A doctor with a French counter-terrorism policing unit gave evidence to the inquiry about his role after the Bataclan attack in 2015 in Paris.
Dr Matthieu Langlois, who was a physician with the French counter-terrorism policing unit RAID, gave evidence on Monday to the inquiry into the bombing in Manchester, which killed 22 people.
He was sent to the Bataclan Theatre after three men opened fire on the crowd in November 2015, killing 130 people.
The inquiry heard that Dr Langlois triaged casualties in the theatre’s orchestra pit, which was classed as a “hot zone” because of the ongoing threat from the terrorists, two of whom remained in the building with hostages on the first floor.
He said: “The objective was to clear, as quickly as possible, the ‘hot zone’ and we did that because all of level zero of the Bataclan was cleared in 35 to 40 minutes, and it was done more than 30 minutes before the neutralisation of the threat.”
The inquiry into the bombing at Manchester Arena on May 22 2017 has heard that many casualties waited more than an hour for treatment amid confusion over whether further attacks were under way.
Three paramedics went into the City Room foyer, where the suicide bomber, Salman Abedi struck, as members of the public and unarmed police officers were forced to move casualties on makeshift stretchers.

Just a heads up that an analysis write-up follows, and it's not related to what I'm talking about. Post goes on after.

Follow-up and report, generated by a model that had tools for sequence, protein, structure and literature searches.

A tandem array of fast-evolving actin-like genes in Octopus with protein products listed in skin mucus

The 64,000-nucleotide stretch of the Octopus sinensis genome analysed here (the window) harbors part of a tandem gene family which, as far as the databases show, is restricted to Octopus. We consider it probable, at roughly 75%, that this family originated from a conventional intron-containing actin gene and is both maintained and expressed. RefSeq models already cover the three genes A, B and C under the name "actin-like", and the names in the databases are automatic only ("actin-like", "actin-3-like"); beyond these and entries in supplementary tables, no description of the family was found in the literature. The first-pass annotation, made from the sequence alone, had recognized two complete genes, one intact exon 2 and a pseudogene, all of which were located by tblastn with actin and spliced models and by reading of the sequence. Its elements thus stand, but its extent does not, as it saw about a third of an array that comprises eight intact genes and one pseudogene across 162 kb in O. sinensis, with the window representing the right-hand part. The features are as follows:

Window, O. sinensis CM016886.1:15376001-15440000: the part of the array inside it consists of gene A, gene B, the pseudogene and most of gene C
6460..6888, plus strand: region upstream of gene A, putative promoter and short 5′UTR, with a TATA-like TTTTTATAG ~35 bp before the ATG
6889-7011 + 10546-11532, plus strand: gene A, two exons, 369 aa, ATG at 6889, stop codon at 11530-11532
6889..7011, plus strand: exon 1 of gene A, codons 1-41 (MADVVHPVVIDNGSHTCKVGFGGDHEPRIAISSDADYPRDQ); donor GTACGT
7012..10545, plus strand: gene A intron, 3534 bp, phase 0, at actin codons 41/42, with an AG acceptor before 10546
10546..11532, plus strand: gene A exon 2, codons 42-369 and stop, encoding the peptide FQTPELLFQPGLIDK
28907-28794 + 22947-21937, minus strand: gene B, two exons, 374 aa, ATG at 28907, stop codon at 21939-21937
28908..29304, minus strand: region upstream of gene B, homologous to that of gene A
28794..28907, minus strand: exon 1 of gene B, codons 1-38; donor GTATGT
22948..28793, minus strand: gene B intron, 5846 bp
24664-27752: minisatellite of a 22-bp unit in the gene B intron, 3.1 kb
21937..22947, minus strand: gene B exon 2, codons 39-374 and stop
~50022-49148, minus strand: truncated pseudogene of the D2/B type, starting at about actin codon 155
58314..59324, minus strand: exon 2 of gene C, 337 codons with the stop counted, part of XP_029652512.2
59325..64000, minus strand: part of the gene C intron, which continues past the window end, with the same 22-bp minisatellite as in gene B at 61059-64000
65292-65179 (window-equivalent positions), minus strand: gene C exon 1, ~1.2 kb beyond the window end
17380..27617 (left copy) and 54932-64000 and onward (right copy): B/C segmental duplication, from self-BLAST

Dr Langlois said it was “vital” to have a trained doctor in the “hot zone”.
He said: “One thing I am quite sure of is it is not a job for a junior physician or for paramedics. You need to have very quick and extremely experienced eyes to see all the casualties.”
The inquiry chairman, Sir John Saunders, asked Dr Langlois if there was a risk in doing rapid triage that someone may wrongly be believed to be dead.
He replied: “That’s why you need to be experienced.”
He said tactical doctors, who would be sent to the scene of attacks, should have specific training, repeated at very frequent intervals.
While triaging patients at the Bataclan, Dr Langlois also carried out some basic lifesaving techniques, including applying tourniquets and compressing wounds, the inquiry heard.
But he said the priority was to get casualties out of the area quickly.
He added: “We know the most important thing is the delay between the point of injury and arrival at a trauma centre.”
The inquiry heard that since the Bataclan attack he had identified learning points including the need for emergency services to co-ordinate with each other.
He said: “We need a real operational collaboration between all these teams.”
The inquiry continues.